"Even the teachers of our school were against me for admitting this child. So, I asked the teachers who opposed me, to simply leave the school if they cannot accommodate this child. After all, what good are the teachers if they don’t have compassion"
“Even the teachers of our school were against me for admitting this child,” Venerable Shanthideva recalled. “But this was a school that was on the verge of closure, I campaigned with personal funds for children to be sent to this school. So, I asked the teachers who opposed me, to simply leave the school if they cannot accommodate this child. After all, what good are the teachers if they don’t have compassion,” Venerable Shanthideva questioned.
Ven. Shanthideva admires the commitment of Ramal’s parents. “Not only is this child blessed with love and care, but his parents are also amazingly dedicated. There have been times where there were not enough teachers in the school, and I entrusted Ramal’s mother to take care of the children in a class. She undertook that task and took care of all the children as if they were her own. Ramal’s father has found donors for the school to get fans installed for the children when the buildings were too hot to stay inside. They contribute to maintaining this school like their own,” Venerable Shanthideva said.
“My wife’s intention was for Ramal to be with normal children, not to even do studies, but for him to just to absorb that environment of being in a school with other children. We felt that it was important. Because Ramal only sees people in wheelchairs and have various other limitations, we didn’t want him to feel that he was not alright. We wanted for him to feel like a normal child would,” the father explained their decision to enroll Ramal in school.
Ramal’s parents soon discovered that the other children at the school were so supportive and that the environment was really helping him. Ramal loved his classroom. He started studies, he was keen and was soon able to express his answers, according to his parents.
Ramal is one of my six children
Mrs. Arandara, a graduate of the Jayawardenapura University’s Management Faculty, specialising in Accountancy, worked in the private sector for over a decade. Owing to personal reasons, she decided to bid adieu to her accountancy career and decided to work as a teacher.
Mrs. Arandara received her first appointment on January 7, 2019 to Vijaya Vidyalaya. Following a month-long training programme, she was appointed as the class teacher for Ramal’s class. She was experienced in Accountancy, not special-needs education. But the Principal, Venerable Shanthideva decided that Mrs. Arandara would be a perfect fit for Ramal’s class.
Ramal with his parents
Mrs. Arandara drew on her instincts to teach not only Ramal, but also the other four students in the class. “I’m a mother myself, my daughter is of the same age as the children who are entrusted to me. I treat them as I treat my own children, and Ramal is just one of my six children,” Mrs. Arandara said, when asked about the challenges of taking up a new career.
With his mother by his side, Ramal blossomed in school. He loved his friends, the new environment fit him well and was always eager to learn. When it was time for Ramal to graduate to the next year, the Principal decided that the class teacher should not be changed. Therefore, Mrs. Arandara was requested to take charge of the same class in the fifth grade.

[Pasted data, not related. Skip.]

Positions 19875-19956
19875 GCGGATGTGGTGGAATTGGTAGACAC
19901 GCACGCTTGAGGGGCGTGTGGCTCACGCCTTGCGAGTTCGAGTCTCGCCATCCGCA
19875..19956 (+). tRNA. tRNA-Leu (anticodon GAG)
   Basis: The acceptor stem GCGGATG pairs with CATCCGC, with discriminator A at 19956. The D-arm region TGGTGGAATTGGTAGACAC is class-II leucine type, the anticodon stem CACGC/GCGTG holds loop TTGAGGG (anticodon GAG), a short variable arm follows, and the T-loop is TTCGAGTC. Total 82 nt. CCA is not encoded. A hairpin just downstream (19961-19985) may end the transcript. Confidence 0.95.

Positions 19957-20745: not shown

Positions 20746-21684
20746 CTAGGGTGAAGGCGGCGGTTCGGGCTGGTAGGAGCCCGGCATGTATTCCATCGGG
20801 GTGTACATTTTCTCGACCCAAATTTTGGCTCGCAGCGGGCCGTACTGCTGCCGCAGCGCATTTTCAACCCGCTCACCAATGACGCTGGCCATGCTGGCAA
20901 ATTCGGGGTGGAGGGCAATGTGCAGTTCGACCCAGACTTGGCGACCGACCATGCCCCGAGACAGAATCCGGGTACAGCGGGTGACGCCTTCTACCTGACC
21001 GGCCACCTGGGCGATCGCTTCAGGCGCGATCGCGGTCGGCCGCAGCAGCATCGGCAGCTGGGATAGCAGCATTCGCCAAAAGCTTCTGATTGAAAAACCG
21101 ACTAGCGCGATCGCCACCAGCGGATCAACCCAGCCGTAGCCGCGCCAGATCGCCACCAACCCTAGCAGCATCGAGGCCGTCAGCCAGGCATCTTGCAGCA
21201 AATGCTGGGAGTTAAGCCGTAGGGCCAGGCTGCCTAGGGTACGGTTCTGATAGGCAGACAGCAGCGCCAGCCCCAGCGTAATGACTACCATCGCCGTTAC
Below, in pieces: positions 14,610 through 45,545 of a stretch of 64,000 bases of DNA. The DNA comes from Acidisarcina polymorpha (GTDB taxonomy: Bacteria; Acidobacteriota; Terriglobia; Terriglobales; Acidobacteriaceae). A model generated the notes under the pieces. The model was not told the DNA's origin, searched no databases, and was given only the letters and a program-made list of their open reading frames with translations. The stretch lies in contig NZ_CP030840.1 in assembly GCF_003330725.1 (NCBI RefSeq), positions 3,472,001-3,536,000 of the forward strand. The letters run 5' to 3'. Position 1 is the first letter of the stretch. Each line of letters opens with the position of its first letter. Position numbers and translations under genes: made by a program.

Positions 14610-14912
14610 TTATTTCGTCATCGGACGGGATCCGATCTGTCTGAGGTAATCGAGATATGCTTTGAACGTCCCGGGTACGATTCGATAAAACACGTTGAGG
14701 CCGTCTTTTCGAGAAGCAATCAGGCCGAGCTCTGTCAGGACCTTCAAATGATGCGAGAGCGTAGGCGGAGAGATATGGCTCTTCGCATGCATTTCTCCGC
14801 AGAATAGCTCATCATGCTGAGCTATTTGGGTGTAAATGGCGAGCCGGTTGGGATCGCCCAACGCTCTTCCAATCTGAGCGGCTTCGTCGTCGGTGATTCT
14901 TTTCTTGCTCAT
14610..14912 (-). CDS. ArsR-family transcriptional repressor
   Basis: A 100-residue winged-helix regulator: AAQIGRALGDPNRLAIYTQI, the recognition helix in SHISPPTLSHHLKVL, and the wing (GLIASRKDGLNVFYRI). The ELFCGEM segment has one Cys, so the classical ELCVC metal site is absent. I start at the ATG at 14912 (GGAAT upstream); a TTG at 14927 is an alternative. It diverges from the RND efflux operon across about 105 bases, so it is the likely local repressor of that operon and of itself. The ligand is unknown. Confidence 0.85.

"My wife’s intention was for Ramal to be with normal children, not to even do studies, We felt that it was important. Because Ramal only sees people in wheelchairs and have various other limitations, we didn’t want him to feel that he was not alright. We wanted for him to feel like a normal child"
“Ramal’s mother is extraordinary. She spent both years with Ramal, in the classroom. And it was her dedication, commitment and sacrifice that resulted in this boy’s success. I like to believe that our interests aligned and my work as the teacher only complemented his mother’s efforts,” the teacher humbly said.
Asked about Ramal’s activity in the classroom, the teacher said that he was an eager, bright and kind child. “If I go to the classroom in the morning and asked the students, who liked to sing a song, it would be Ramal who puts up his hands first,” Mrs. Arandara recalled.
“Ramal cannot speak or sing. But he would step forward, express in his way, through gestures, a song that is in his mind. Then the mother and I would recognise the song and we sing it together. That makes Ramal so happy. He loves it,” she said.
Ramal is also a kind friend and loves his peers as well as teachers. “He’s really extraordinary and goes on to show how much we have to give to these children,” the teacher said. “I had never shown or thought that Ramal required special needs. I have taught him and other children the same syllabus, in the way I would do with any other class. But Ramal grasped it quickly. Out of the five, one child displayed constant hyperactivity. I had to teach the same thing to this child at least a dozen times. But this was never the case with Ramal, he grasped things instantly,” she said.
Among Ramal’s peers was also a child who couldn’t write even though the child was admitted to fourth grade. Mrs. Arandara started with basic literacy for this child and managed to have the child sit for the scholarship examination. “The child obtained 70 marks, for me that’s an achievement. All these children have progressed well and I value all of their achievements,” she said.
This dedicated teacher travels 80 kilometres from home every morning at five a.m. to reach Vijaya Vidyalaya in Karagampitiya. She also suffers with an illness that does not allow her to stand for a long period of time. Nevertheless, she insists, that this small school, deserves her love and attention.